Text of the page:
abrogable

abrogable

(ˈæbrəɡəbəl)
adj
formal able to be abrogated
References in periodicals archive ?
That is, Mill needed to rely on some notion of human nature, in particular the fact of human's perfectibility, in order to defend a principle of liberty that is not merely instrumental for the purpose of promoting utility (and hence abrogable when utility demands it).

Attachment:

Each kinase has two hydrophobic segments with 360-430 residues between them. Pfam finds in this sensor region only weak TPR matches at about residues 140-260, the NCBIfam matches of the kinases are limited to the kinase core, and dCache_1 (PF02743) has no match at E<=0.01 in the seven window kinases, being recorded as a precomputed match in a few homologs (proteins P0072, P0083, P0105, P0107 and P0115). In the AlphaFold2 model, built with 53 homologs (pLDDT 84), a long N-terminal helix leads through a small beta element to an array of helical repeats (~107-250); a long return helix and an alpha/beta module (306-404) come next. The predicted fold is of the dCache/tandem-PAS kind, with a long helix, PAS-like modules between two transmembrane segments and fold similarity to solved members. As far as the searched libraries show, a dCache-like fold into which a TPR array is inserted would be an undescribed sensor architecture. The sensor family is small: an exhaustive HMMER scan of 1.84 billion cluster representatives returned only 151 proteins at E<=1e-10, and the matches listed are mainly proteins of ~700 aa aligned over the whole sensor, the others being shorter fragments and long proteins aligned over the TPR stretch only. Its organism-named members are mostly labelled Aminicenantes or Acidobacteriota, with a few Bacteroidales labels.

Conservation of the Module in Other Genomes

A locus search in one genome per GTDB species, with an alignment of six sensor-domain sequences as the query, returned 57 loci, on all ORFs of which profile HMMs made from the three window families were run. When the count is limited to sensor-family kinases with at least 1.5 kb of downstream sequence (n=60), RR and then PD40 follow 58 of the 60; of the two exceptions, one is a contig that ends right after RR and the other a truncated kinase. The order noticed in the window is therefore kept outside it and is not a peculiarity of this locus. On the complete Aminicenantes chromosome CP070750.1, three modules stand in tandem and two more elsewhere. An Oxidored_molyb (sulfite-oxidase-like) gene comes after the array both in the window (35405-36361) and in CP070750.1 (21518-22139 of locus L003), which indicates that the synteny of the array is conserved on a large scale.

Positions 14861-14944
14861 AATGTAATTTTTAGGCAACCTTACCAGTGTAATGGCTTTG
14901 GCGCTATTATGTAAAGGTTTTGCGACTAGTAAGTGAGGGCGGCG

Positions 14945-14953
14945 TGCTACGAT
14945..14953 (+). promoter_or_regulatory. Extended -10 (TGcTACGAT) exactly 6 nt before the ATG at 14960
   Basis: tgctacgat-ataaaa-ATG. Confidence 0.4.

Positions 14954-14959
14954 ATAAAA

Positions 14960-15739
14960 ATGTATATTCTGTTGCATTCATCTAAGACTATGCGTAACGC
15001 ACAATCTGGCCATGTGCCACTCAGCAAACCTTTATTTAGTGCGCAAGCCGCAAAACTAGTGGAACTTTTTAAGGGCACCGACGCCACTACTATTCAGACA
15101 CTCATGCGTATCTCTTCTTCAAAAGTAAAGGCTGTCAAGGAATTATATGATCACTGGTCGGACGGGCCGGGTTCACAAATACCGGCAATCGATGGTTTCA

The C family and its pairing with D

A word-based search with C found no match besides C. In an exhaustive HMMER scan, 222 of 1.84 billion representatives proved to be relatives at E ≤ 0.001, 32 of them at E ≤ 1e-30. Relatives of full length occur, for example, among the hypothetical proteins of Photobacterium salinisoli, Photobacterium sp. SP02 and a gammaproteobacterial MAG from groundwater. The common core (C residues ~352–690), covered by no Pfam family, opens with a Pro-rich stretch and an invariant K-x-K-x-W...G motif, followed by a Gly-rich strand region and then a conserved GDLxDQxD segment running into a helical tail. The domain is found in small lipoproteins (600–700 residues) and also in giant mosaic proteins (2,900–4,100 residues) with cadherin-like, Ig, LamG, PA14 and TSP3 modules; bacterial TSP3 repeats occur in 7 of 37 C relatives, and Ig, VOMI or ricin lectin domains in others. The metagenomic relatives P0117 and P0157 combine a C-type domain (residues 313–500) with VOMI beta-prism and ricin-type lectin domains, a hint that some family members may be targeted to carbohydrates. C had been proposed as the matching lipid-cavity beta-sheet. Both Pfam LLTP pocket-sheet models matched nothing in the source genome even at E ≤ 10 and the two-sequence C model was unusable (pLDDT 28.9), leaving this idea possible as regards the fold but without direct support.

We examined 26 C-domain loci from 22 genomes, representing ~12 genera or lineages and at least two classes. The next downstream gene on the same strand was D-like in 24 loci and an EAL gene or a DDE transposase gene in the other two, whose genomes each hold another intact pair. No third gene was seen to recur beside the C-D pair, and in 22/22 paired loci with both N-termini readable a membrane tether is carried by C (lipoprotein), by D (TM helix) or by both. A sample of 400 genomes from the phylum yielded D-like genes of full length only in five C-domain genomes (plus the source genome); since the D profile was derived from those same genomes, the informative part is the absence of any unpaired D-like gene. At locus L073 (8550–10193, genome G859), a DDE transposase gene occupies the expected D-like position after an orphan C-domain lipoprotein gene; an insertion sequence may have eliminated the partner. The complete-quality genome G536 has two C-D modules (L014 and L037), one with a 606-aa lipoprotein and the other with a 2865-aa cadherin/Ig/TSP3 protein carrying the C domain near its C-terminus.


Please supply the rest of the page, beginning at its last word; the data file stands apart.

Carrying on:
Because a "natural law" view of immunity was not widely held by the founding generation, Justice Souter contended that the majority should be restricted to the common law version of sovereign immunity.(317) Such a restriction would, of course, require that the immunity be abrogable by statute.